“We Knew Who Was Going to Die”: Warnings About Lower-Income Heat Risk Went Unheeded

Many of the deaths in extreme heat events, like the record-breaking one in the Pacific Northwest, could be foreseen, a scientist told Congress.

A resident splashes water onto their face during a heatwave in Sacramento, California, U.S., on Thursday, July 8, 2021. Another round of wilting heat bearing down on the U.S. West will put further pressure on electric grids and raise fire risks across the region before reaching a peak by weeks end. Photographer: David Paul Morris/Bloomberg via Getty Images
A resident splashes water on their face during a heat wave in Sacramento, Calif., on July 8, 2021. Photo: David Paul Morris/Bloomberg via Getty Images

In the wake of an extreme heat event in the Pacific Northwest that killed at least 200 people, a scientist testified before Congress that the deaths could have been prevented.

“Those who died lacked access to financial capital, social networks, and had aging or injured bodies,” Vivek Shandas, director of the Sustaining Urban Places Research Lab at Portland State University, told the House Science, Space, and Technology Committee. To Shandas, the tragic result was not unforeseen.

“We knew who was going to die,” the scientist said. “I wrote a report stating as much in 2009, and yet local agencies had little capacity for taking swift action.”

Shandas is part of a league of scientists that could be called the Cassandra generation, named for the Greek myth about unheeded prophecies. For decades, scientists have predicted a moment like the one we’re living now: climate-driven crises destroying lives and beloved places once assumed safe from catastrophes like extreme heat waves. Scientists like Shandas saw it coming, yet little action was taken.

At the hearing, titled “Silent Killer: The Rising Problem of Extreme Heat in the U.S.,” researchers urged action to protect the most vulnerable from the deepening heat, now that we can all see the severity of the crisis.

The heat event would have been “virtually impossible” without human-driven climate change, a study by the World Weather Attribution group found.

Shandas told Congress, “We can now say that those who died during the ‘heat dome’ event were arguably the first climate-related deaths in Oregon and Washington.”

Shandas’s 2009 paper urged public agencies in Portland to take action to identify the highest-risk neighborhoods.

“Adaptation is already needed on a massive scale. While hurricanes, tornadoes, and floods are dramatic and often make the front page, a far more insidious and silent result of climate change is urban heat,” he said. The paper included maps of urban heat islands throughout the city and pointed to research that said lower-income people and those living alone were in the most danger.

In the years that followed, Shandas was part of a team that linked pockets of extreme heat to discriminatory housing policies. Across the U.S., redlined areas were 2.6 degrees Celsius hotter than non-redlined areas on average, according to the study. Portland, along with Minneapolis and Denver, was among the cities with the largest heat difference between redlined and non-redlined communities.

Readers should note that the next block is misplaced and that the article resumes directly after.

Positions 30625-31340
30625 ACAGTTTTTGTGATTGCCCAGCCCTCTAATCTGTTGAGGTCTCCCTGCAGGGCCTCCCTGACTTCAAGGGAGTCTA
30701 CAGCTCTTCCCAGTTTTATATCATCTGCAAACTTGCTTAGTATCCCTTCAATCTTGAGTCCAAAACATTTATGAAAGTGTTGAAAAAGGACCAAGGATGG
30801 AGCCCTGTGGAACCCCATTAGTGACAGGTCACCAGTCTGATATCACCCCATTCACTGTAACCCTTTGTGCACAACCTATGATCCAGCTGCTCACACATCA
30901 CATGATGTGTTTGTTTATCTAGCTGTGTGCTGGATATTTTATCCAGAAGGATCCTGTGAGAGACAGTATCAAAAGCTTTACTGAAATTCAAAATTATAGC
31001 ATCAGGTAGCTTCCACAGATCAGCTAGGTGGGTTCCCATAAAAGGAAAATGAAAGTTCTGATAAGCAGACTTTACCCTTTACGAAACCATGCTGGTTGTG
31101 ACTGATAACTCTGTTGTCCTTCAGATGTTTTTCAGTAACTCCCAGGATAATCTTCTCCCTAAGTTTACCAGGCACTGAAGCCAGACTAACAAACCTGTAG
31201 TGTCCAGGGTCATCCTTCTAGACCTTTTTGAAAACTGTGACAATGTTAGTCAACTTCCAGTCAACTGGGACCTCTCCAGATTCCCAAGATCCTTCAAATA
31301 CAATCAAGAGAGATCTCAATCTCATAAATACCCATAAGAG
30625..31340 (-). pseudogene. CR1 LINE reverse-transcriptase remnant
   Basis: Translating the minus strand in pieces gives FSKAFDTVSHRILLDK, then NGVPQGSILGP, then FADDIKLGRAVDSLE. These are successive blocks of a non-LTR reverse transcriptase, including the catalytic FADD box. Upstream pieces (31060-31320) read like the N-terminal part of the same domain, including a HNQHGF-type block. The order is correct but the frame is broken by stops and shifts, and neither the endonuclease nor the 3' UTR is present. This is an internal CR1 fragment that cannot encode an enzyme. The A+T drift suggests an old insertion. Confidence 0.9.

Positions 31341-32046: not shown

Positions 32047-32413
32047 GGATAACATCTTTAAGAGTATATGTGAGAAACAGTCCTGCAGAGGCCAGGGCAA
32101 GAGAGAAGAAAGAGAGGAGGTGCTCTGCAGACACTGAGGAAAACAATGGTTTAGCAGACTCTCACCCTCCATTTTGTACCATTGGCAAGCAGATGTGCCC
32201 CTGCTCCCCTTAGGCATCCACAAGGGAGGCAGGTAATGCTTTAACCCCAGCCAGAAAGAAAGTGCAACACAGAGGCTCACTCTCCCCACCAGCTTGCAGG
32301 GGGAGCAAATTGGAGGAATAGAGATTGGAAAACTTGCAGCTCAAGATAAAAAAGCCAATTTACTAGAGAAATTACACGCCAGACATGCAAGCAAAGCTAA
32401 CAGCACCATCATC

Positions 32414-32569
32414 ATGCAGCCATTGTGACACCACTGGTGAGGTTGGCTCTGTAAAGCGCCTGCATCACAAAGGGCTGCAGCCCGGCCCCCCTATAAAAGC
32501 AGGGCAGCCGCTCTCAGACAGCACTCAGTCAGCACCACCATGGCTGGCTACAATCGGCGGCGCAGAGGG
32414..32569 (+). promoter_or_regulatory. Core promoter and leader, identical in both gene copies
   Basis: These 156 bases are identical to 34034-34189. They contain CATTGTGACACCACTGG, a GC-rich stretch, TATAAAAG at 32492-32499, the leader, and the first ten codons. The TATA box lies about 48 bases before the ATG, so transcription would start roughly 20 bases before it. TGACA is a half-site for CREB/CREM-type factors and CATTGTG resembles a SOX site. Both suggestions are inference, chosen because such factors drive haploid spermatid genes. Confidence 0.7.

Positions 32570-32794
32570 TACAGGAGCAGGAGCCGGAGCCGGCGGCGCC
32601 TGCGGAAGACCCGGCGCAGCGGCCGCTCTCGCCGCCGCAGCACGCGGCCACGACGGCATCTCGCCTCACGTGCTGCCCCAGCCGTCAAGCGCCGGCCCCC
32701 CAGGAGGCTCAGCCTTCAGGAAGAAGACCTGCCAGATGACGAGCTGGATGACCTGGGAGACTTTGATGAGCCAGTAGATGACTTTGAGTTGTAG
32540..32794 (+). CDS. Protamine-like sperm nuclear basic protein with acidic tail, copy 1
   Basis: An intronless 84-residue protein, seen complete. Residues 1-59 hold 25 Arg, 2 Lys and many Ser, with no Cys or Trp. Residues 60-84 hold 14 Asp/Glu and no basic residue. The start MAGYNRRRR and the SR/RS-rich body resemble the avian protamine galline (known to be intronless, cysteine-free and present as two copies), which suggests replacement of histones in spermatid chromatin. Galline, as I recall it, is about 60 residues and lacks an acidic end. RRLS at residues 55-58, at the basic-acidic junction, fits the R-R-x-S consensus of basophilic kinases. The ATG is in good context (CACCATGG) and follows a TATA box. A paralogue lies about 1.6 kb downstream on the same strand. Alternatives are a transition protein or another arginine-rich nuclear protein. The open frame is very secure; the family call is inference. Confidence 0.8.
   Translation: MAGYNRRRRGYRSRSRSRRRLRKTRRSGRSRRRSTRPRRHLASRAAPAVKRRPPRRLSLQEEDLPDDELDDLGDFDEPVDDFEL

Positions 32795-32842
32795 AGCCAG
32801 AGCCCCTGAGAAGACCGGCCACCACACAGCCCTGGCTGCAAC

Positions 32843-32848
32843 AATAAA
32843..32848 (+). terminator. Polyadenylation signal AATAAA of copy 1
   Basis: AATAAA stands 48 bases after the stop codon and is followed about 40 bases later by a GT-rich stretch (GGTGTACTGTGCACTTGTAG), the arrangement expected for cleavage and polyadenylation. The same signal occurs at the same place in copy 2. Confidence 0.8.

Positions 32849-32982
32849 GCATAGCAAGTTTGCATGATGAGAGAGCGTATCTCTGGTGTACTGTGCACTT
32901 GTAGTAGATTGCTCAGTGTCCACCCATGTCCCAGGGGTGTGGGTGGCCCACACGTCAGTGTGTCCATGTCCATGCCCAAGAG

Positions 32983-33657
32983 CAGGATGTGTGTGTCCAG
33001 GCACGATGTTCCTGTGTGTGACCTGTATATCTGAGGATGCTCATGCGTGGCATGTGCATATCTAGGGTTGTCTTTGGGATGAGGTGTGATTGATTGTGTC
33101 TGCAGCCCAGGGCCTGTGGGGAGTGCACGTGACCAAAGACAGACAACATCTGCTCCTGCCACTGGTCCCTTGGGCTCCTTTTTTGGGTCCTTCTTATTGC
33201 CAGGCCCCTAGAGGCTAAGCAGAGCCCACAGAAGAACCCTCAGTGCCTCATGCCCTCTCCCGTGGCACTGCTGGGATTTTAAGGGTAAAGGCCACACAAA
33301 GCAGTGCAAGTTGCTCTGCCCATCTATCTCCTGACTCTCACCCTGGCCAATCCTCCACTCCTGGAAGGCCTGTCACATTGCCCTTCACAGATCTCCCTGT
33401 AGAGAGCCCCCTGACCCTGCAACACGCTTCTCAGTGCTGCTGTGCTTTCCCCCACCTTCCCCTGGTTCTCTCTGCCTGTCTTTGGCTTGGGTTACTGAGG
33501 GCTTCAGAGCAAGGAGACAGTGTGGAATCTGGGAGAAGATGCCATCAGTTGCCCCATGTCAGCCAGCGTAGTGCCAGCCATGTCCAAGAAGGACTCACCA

Despite the warnings, insufficient action was taken, and the Pacific Northwest was unprepared for the heat wave. When the heat dome hit at the end of June, sending temperatures soaring above 100 degrees in a typically cool, wet part of the country, Shandas and his team went block by block measuring air temperatures and showing that they varied by as much as 25 degrees between wealthy and lower-income areas.

According to a Washington Post analysis of early mortality data in the county where Portland is located, 61 percent of deaths were in zip codes with higher-than-average poverty rates.

The preliminary numbers of heat deaths reported in Oregon and Washington, 115 and 117, respectively, are likely undercounts. Heat-related deaths and injuries are not always recorded as such. Using a different measurement, the Canadian province of British Columbia has estimated about 600 “excess deaths.” The heat wave was declared the deadliest weather event in Washington history.

The witnesses at the congressional hearing urged policymakers across the U.S. to prepare the most vulnerable communities for what is to come.

As multiple attendees pointed out, heat waves kill more people than any natural disaster, yet get less recognition as such.

Shandas told lawmakers that local governments should collect data block by block to make sure that the hottest, most vulnerable communities have access to relief.

“It’s very clear that the single best thing we can do to address all of the above is to prevent greenhouse gas emissions in the first place.”

Since extreme heat is going to hit areas like Oregon that are not used to it, engaging community members in the data collection could help build the social infrastructure that will assure communities understand how to recognize risk and respond.

He urged more coordination between regions so they can learn from each other and stressed the need for federal support for local heat mitigation endeavors. Other witnesses emphasized the need for urban greening — tree cover, which can correlate with neighborhood income and provide lifesaving degrees of relief from heat — and a closer examination of how heat impacts people’s ability to work or pay their electric bills.

Although all of the attendees emphasized the urgency of adaptation in the face of irreversibly rising temperatures, witness Aaron Bernstein, interim director of Harvard’s Center for Climate, Health, and the Global Environment, pointed out the other urgent lifesaving avenue.

“It’s very clear,” he said, “that the single best thing we can do to address all of the above is to prevent greenhouse gas emissions in the first place.”

Join The Conversation